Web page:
So far, what he’s seen hasn’t swayed him one way or another.

“But if something was really wild and way out there, it would cause me some concern,” he says.

Hearing more stories like those prompted career counsellors at the University of Dayton to survey employers in their database about their use of Facebook. They found that 42 per cent of the 326 who responded said they would consider factoring a Facebook profile into their hiring decisions. Some of those employers also said they’d already rescinded offers because of things they’d discovered online.

“I do think it’s an invasion of privacy,” says Melissa Bush, a business major at the University of Dayton. “But when you think about it, anything you post online is open season.”

When she interviewed for an internship last summer, her interviewer told her upfront that they’d be checking her Facebook profile. She didn’t worry because she’s careful about what she posts — but lately, she’s been deleting messages from friends that she deems inappropriate.

“If you don’t want people to read it, don’t post it,” Bush says. “If you don’t want people to see a video, don’t post it.”

Link: A little too public?.

I’m surprised that employers are so quick to admit that they search for personal information about applicants online.  In the US, anti-discrimination laws are very strict — there are many things you can’t ask about an applicant, such as marital/family status, age, national or ethnic origin, religion, and disabilities (source: Yahoo HotJobs).

What are these employers looking for?  When they search on Facebook, MySpace, or even Google, they’re more likely than not to find personal information.  So unless the job is related to online services or media, for example, then what relevant information are they hoping to find?  And aren’t they setting themselves up for claims of discrimination by conducting undisciplined searches like this?  I would expect employers to start being more careful about this by limiting the searches they allow, or by allowing only third parties to do background checks so that irrelevant information doesn’t factor into hiring decisions.

It’s certainly unwise to put embarrassing information about yourself online, and we all bear responsibility for this, but not everything online should be fair game to employers.  We need to develop guidelines to respect privacy and discourage discrimination online in hiring practices.

George Monbiot Exposes Greenwash

The always interesting and provocative columnist George Monbiot has a new book out called Heat: How to Stop the Planet Burning.  On the book’s website he is also compiling information about "greenwashing"  — the public relations campaigns that corporations use to green up their image:

On Greenwash Exposed I’ll tell you the truth behind the fudged figures, dodgy claims and empty public relations campaigns by corporations and celebrities who wrongly claim to be cleaning up their carbon emissions.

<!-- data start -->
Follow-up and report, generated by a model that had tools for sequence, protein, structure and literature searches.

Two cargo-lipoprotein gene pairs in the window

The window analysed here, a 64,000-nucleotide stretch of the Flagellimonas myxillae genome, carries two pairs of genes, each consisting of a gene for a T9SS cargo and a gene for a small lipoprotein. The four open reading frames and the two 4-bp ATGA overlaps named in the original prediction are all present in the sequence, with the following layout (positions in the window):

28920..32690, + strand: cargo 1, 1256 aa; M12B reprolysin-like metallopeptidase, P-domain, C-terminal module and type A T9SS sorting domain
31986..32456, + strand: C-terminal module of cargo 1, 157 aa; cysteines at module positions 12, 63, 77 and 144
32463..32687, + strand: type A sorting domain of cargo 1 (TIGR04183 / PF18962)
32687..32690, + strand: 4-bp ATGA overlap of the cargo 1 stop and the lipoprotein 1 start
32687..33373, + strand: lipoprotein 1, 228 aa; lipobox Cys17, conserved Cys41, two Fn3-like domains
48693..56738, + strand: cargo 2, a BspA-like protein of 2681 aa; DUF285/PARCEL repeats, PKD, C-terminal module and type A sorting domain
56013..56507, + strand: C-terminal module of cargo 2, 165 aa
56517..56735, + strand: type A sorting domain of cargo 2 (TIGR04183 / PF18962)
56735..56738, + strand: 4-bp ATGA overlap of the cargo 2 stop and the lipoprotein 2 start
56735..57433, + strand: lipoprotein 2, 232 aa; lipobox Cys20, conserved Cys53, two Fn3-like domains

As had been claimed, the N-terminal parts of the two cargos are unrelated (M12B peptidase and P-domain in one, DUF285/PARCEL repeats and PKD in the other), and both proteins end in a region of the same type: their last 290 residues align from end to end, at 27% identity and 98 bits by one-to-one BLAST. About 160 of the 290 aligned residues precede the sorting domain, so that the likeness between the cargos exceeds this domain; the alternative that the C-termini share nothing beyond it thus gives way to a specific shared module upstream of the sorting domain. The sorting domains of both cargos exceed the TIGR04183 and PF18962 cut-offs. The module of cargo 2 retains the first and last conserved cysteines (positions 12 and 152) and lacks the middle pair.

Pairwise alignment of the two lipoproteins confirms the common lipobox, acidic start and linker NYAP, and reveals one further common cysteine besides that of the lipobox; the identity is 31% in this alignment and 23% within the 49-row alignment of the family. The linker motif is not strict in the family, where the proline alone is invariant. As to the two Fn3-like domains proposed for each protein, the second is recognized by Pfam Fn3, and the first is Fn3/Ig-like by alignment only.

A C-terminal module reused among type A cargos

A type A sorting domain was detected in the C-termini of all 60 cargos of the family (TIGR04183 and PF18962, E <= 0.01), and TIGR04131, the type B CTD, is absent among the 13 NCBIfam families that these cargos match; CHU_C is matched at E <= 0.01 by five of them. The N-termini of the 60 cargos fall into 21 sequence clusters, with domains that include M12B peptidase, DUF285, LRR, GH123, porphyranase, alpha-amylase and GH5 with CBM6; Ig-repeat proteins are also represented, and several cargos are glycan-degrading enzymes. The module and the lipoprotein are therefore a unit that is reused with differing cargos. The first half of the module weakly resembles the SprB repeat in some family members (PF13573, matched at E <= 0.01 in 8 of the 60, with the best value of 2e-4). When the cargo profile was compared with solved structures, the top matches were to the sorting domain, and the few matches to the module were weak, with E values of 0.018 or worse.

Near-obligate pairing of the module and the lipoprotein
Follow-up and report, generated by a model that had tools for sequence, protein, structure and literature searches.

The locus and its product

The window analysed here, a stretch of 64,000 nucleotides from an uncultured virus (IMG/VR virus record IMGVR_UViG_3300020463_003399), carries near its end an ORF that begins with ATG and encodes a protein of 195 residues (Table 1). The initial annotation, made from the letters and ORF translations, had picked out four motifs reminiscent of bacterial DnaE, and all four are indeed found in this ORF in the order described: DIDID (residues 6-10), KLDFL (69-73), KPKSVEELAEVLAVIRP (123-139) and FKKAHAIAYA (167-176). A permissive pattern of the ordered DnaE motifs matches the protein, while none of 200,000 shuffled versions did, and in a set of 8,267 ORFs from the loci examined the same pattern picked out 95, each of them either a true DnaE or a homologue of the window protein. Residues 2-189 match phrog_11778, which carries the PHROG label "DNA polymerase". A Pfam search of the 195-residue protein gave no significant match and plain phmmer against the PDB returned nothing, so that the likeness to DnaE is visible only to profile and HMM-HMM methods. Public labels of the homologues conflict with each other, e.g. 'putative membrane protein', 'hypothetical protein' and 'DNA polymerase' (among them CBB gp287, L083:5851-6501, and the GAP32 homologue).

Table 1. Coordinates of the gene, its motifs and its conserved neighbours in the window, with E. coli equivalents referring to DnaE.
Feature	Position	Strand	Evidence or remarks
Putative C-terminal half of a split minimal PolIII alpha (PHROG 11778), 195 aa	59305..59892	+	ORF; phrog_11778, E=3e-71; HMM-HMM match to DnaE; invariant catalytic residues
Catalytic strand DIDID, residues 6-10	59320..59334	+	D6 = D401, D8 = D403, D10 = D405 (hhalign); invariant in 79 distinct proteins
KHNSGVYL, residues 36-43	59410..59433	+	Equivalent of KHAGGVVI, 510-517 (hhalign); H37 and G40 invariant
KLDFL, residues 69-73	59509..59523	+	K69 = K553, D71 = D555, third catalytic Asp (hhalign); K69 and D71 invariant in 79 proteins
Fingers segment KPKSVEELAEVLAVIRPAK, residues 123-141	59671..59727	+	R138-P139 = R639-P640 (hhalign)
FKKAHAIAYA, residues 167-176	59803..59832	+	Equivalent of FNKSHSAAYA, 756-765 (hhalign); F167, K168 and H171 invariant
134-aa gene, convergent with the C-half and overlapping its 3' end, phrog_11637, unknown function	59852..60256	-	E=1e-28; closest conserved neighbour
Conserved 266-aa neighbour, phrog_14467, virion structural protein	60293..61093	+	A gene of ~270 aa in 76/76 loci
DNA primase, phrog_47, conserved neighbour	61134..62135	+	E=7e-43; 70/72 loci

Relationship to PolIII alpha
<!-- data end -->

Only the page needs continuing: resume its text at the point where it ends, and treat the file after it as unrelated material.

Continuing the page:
Link: Greenwash Exposed (

You can also submit your suggestions.  The site and book appear to have a UK focus, but hopefully the book will become available in the US as well.

Lying is Easier With Gadgets

From Reuters:

More than four out of five people admit to telling little white lies at least once a day and the preferred way of being "economical with the truth" is to use technology such as cell phones, texts and e-mails, a survey on Thursday said.

The research by UK pollsters 72 Point found that "techno-treachery" was widespread with nearly 75 percent of people saying gadgets like Blackberrys made it easier to fib.

Just over half of respondents said using gadgets made them feel less guilty when telling a lie than doing it face to face, the study on behalf of financial services group Friends Provident found.

Link: Gadgets seen as best way to tell white lies�

Via Wired.

The Ethical Imagination

I’ve been reading Margaret Somerville’s 2006 Massey Lectures, The Ethical Imagination: Journeys of the Human Spirit, which I picked up when I was in Toronto last week.  Here’s an excerpt from the publisher’s blurb for the book:

In this timely, topical, and cogently argued book, Somerville asks: What does it mean to be human today, when mind-altering scientific breakthroughs are challenging our fundamental ideas of ourselves, how we relate to others and the world around us, and how we find meaning in life?

Some of the controversial topics Somerville touches upon are our growing acceptance of new reproductive technologies, and our conundrums over the genetic modification of plants and animals. She eloquently proposes that it is only through our willingness to undertake a journey of the human imagination — by heeding our stories, myths, and moral intuition — that we can truly see, understand, speak about, and relate to the world around us, and thereby develop an ethics to guide us.

Somerville has taken some controversial positions that I don’t agree with, such as her opposition to same-sex marriage, but I find her writing and thinking to be very educational and stimulating.  She discusses the theory and practice of ethics and how we might find a "shared ethics" based on what she calls the "secular sacred."  She believes we must start with a presumption in favor of the natural.  Technologies that break with nature should have the burden of showing that they are not doing harm.  The position is similar to the "precautionary principle."

The Massey Lectures are broadcast yearly in Canada on CBC radio and published by the excellent House of Anansi press.  The 2005 and 2004 lectures are also well worth checking out: Stephen Lewis’s Race Against Time: Searching for Hope in AIDS-Ravaged Africa and Ronald Wright’s A Short History of Progress.

Binary Being Symposium